The case has significant implications for patent holders and innovators particularly concerning the protection of patented technologies and preventing unauthorised use or reproduction of patented inventions. It highlights the importance of robust patent enforcement mechanisms and the need for effective measures to safeguard intellectual property rights in the electrical sector.

Exclusions, Defences and Remedies for Patent Infringement

Certain exceptions exist that shield individuals or entities from being accused of patent infringement. These include cases of experimental use, where the patented invention is used solely for research or testing purposes without commercial intent. Additionally, the exhaustion of patent rights occurs when a patented product is legally sold, transferring ownership and allowing the purchaser to use or resell the product without infringing the patent.

Defences Against Patent Infringement

Several defences can be employed against patent infringement claims. One common defence is challenging the validity of the patent itself, citing reasons such as prior art or lack of novelty. Another defence is asserting non-infringement, wherein the accused party argues that their product or process does not meet all the elements of the patented invention’s claims.

Remedies for Patent Infringement

Patent holders have various legal remedies available to them in cases of infringement. One such remedy is seeking an injunction, which prohibits the infringing party from continuing the infringing activities. Additionally, patent holders may claim damages, seeking compensation for financial losses incurred due to the infringement. Moreover, patent holders may request an account of profits, requiring the infringer to disclose and surrender any profits gained from the infringement.

Frequently Asked Questions (FAQs)

1. How do I file a patent infringement case?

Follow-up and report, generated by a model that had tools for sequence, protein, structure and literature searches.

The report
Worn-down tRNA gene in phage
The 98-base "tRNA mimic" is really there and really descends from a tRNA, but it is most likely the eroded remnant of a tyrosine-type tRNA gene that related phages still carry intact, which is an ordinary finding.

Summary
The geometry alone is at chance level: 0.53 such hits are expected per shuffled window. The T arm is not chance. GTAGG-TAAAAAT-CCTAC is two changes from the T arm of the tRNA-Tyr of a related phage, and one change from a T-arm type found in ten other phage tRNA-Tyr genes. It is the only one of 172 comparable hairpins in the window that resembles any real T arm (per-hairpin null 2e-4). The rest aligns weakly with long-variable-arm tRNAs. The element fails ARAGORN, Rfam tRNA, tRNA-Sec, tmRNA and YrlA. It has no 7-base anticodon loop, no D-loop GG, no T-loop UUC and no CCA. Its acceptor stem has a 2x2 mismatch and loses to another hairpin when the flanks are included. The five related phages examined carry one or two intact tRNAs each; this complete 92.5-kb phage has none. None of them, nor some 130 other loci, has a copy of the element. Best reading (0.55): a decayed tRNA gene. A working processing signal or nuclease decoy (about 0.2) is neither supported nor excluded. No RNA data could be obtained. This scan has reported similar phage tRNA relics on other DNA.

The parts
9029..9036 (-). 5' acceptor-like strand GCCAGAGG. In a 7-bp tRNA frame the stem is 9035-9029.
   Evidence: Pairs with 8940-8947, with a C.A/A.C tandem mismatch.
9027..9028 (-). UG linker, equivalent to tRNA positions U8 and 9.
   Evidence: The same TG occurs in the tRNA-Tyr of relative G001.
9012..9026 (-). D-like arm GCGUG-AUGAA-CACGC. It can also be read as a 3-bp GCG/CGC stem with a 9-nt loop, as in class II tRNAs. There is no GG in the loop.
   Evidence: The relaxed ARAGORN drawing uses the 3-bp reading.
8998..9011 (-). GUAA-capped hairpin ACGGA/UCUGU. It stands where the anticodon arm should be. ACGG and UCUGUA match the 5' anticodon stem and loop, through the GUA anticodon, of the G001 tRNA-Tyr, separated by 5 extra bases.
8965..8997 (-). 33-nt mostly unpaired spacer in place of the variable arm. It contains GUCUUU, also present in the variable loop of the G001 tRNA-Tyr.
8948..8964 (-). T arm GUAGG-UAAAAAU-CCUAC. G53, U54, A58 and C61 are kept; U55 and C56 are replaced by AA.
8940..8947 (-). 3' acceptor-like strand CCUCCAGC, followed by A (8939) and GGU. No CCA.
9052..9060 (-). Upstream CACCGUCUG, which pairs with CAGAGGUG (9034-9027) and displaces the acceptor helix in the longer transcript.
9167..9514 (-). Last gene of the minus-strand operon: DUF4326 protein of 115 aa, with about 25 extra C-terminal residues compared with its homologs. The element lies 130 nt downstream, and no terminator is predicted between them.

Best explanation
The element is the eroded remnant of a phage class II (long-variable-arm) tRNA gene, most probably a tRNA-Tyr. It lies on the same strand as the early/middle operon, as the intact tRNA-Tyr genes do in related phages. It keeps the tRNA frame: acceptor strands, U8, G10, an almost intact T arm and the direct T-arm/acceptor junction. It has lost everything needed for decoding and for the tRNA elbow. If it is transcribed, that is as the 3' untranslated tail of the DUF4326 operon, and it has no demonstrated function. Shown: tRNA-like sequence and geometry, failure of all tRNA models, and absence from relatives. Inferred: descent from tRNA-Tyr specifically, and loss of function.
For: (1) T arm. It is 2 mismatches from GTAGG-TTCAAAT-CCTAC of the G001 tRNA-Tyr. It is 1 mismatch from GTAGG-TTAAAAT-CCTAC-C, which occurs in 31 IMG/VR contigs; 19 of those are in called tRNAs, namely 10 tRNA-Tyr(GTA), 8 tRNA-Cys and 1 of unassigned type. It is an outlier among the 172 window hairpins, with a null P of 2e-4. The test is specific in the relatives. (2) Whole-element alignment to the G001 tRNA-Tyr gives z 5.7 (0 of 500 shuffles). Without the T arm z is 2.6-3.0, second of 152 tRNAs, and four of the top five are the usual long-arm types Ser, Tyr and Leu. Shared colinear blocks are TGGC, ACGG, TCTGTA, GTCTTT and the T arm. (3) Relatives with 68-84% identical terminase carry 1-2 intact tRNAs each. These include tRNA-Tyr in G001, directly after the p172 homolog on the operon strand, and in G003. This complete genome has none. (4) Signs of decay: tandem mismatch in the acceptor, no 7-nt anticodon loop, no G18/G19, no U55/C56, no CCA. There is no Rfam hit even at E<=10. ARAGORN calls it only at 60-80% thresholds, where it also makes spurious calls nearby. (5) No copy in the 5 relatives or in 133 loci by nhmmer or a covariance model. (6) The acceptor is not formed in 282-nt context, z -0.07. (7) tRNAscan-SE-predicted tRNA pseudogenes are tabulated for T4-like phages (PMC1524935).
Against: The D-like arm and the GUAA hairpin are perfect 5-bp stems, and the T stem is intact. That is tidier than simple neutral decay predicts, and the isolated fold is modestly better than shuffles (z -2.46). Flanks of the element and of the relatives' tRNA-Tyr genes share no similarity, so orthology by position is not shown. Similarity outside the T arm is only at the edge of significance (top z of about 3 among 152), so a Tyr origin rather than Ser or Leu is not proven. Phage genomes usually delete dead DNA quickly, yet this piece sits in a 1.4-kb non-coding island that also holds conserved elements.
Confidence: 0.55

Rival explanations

To file a patent infringement case, the patent holder must engage legal counsel to draft and file an infringement suit in the appropriate court. The suit should detail the alleged infringement, including evidence of the patented invention and how it is being used without authorisation.

2. What is a famous example of patent infringement?

A notable example of patent infringement is the case of FMC Corporation & Ors. vs Natco Pharma Limited, where FMC alleged that Natco infringed their patent for Chlorantraniliprole (CTPR) by using a similar method to manufacture the compound.

3. What is the process of patent infringement in India?

In India, the process of patent infringement involves filing an infringement suit in court, presenting evidence of infringement, and attending hearings to argue the case. The court assesses the evidence, including expert testimony, and delivers a judgement based on the merits of the case.

4. What is patent infringement?

Patent infringement occurs when someone makes, uses, sells, or imports a patented invention (i.e. process or product) without the permission of the patent holder. It involves unauthorised use of the patented technology, processes, or products.

5. What is the burden of proof of patent infringement in India?

In India, the burden of proof in a patent infringement case lies with the patent holder, who must demonstrate that the alleged infringer’s product or process contains all elements of the patented invention. The patent holder must provide evidence to support their claim of infringement.

Robust patent protection plays a pivotal role in fostering innovation, incentivising research and development, and driving economic growth. By safeguarding intellectual property rights, patents encourage investment in new technologies and contribute to technological advancement across various industries.

As technology continues to evolve rapidly, patent infringement litigation faces emerging trends and challenges. Staying updated on legal developments and understanding the nuances of patent laws is crucial for effectively navigating patent disputes and safeguarding intellectual property rights.


  1. The Indian Patents Act, 1970
  2. FMC Corporation & Ors. vs Natco Pharma Limited, CS (COMM) 349/2022
  3. Vifor International Ltd & Anr. vs Dr Reddys Laboratories Limited on 24 July, 2023
  4. < last accessed on 04-04-2024 >
  5. < last accessed on 04-04-2024 >
Simran Kaur Khalsa

Patent Attorney